Maybe six bikes is not enough, and I need to overcome my prejudices and add a Brompton to my stable.
Feel free to add your bike and train experiences, both good and bad. There has to be a better way than this.
- Posted by Robert Garbutt
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If you don't like cycling then you're best off avoiding London at the weekend. Bike riders will be completely taking over the capital with closed roads for the Prostate Cancer Charity Tour Ride and the final stage of the Tour of Britain followed by the Mayor of London's all-day Skyride on Sunday.
There's been no shortage of city centre cycling in recent years, but this two-day closure for a series of events is further proof of London's newfound love of the bicycle. It'll be more the case of when the streets will be open to cars, rather than when they will be closed for cycling.
Five hundred riders are expected for the Prostate Cancer Charity ride between Westminster and Tower Bridge from 10am on Saturday, followed four hours later by the conclusion of the Tour of Britain on the same 10-kilometre circuit.
Sunday's Skyride could go into the record books as the UK's biggest bike ride. Last year some 50,000 turned up, but with good weather, increased event advertising and simply more people riding, we could be talking about doubling that figure. A longer, 15km circuit between Buckingham Palace Gardens and Tower Hill will be closed to traffic for six hours from 10am.
It's going to be a fantastic weekend for bike riders, but not quite so good for the capital's motorists.
Robert Garbutt is editor of Cycling Weekly
- Posted by Emma Silversides
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Emma Silversides (above right with Lizzie Armitstead, left) is a professional cyclist for the Lotto Belisol team and is based in Belgium. Here she shares her insight into the continental women’s scene.
I have just returned to a rather chilly Belgium after spending a week in the Ardèche where we were treated to sunny skies, warm temperatures and breathtaking scenery (if you had some breath left after racing with the Cervélo train!)
I rode strongly last year in Ardèche and was hoping for a repeat performance. The first spanner jammed itself in the works on the Friday before we left as I spent my afternoon in hospital following a heavy car accident.
The doctor’s advice was “nothing for a week, and make sure that neck collar stays on day and night!” Having my name on the list for Mendrisio meant a lot to me and I was not going to surrender with out a fight.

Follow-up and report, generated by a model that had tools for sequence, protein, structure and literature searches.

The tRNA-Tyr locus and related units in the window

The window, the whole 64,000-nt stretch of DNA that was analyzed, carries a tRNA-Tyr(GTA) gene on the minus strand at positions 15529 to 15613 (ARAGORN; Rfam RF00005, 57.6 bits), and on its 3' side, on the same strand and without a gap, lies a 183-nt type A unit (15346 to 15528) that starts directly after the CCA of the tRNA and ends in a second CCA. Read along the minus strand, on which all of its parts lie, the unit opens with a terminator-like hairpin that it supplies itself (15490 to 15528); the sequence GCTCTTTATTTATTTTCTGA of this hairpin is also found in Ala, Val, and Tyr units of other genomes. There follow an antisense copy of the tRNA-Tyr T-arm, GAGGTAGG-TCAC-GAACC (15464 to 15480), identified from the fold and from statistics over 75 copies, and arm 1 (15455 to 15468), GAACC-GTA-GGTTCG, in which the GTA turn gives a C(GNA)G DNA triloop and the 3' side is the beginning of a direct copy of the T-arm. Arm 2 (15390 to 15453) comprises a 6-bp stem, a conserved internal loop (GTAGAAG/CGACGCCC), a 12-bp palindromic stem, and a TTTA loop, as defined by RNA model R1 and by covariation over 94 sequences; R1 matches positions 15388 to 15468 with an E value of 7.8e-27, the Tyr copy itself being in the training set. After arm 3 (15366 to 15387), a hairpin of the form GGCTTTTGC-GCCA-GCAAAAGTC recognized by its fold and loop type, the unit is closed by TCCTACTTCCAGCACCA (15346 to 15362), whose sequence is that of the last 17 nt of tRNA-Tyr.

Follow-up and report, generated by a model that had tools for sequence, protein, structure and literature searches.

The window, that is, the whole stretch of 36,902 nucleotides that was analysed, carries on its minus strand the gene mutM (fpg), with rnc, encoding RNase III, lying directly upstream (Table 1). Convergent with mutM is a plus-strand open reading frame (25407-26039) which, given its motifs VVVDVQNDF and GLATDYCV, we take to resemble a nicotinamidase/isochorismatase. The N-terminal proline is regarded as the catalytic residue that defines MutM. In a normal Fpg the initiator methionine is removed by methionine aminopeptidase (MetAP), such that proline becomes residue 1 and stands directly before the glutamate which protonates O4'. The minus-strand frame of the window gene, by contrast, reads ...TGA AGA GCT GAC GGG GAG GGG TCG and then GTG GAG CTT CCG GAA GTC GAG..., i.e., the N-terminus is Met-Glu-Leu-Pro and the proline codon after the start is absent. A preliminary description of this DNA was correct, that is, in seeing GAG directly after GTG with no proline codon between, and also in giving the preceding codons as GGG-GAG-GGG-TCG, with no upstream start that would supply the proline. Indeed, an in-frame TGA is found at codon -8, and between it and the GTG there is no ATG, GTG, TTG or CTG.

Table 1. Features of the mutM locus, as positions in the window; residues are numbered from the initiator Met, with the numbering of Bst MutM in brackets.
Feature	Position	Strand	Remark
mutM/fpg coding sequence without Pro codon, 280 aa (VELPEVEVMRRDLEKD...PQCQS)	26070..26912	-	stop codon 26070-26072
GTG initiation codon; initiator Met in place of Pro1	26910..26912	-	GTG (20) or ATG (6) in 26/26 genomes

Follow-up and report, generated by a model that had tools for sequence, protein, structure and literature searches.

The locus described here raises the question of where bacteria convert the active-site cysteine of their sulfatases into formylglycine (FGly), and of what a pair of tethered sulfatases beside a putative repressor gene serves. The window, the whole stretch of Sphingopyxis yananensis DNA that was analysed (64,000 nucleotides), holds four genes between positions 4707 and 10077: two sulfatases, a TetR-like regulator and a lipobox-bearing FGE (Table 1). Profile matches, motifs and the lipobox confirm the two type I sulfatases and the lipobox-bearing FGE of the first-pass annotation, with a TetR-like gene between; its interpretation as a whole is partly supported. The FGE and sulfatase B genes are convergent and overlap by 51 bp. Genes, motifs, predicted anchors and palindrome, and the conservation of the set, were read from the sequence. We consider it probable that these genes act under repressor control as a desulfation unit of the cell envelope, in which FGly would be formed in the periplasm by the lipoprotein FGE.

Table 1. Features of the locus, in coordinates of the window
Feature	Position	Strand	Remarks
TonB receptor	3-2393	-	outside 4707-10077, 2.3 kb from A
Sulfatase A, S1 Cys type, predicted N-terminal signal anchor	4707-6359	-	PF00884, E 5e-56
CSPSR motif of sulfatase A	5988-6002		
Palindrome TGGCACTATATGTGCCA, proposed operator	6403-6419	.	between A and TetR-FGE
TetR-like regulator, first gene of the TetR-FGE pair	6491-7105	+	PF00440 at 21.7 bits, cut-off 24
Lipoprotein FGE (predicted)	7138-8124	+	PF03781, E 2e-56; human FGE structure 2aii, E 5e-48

Despite the doctor’s initial suspicions of a fractured breast bone there was nothing broken, just severe bruising. I did not want a situation whereby I was sat in Belgium half way through the tour, feeling okay, wondering ‘what if?’ The bad luck didn’t come to an end however and on the first day my head took its second hammering of the week as I performed some superb acrobatics while simultaneously having my left shoulder making close contact with the concrete central reservation.
There had been nowhere to go as a domino chain of girls fell on my right and the 80cm high reservation certainly was not going to give way on my left. My forward rolls saw me land directly on my feet and with a quick change of front wheel, some pulling and pushing on the bars, I set about taking Grace [Verbeke], who had also been one of the many victims, back to the peloton.
Later in the stage I punctured, conveniently at the bottom of a narrow climb, I finished my day in the peloton and easily managed a smile; Lizzie [Armitstead] had bagged third, Grace fourth and I had survived the first day!
My physical condition went rapidly downhill from then on. Breathing was the hardest following the car crash, to add to that my left shoulder was very painful, it had impacted in the area of the collarbone break from earlier in the year, pulling on the bars was virtually impossible.
I continued to race against the odds, maybe it could come good. The company of another northern lass helped hugely throughout the week; it is not the easiest thing to race in a foreign team at times but having a English team mate makes a huge difference. We resided in a caravan site for the duration of the tour and mobile home F6 became a little haven for Lizzie and myself after a days’ racing.
Lizzie had a cracking tour, which I can confirm was fuelled on pancakes and Nutella, I suspect that she will be one to watch at Mendrisio alongside Emma [Pooley] and Sharon [Laws]. As far as women’s racing goes I think the GB team will be a force to be reckoned with. If Sky had enough money for a women’s team...!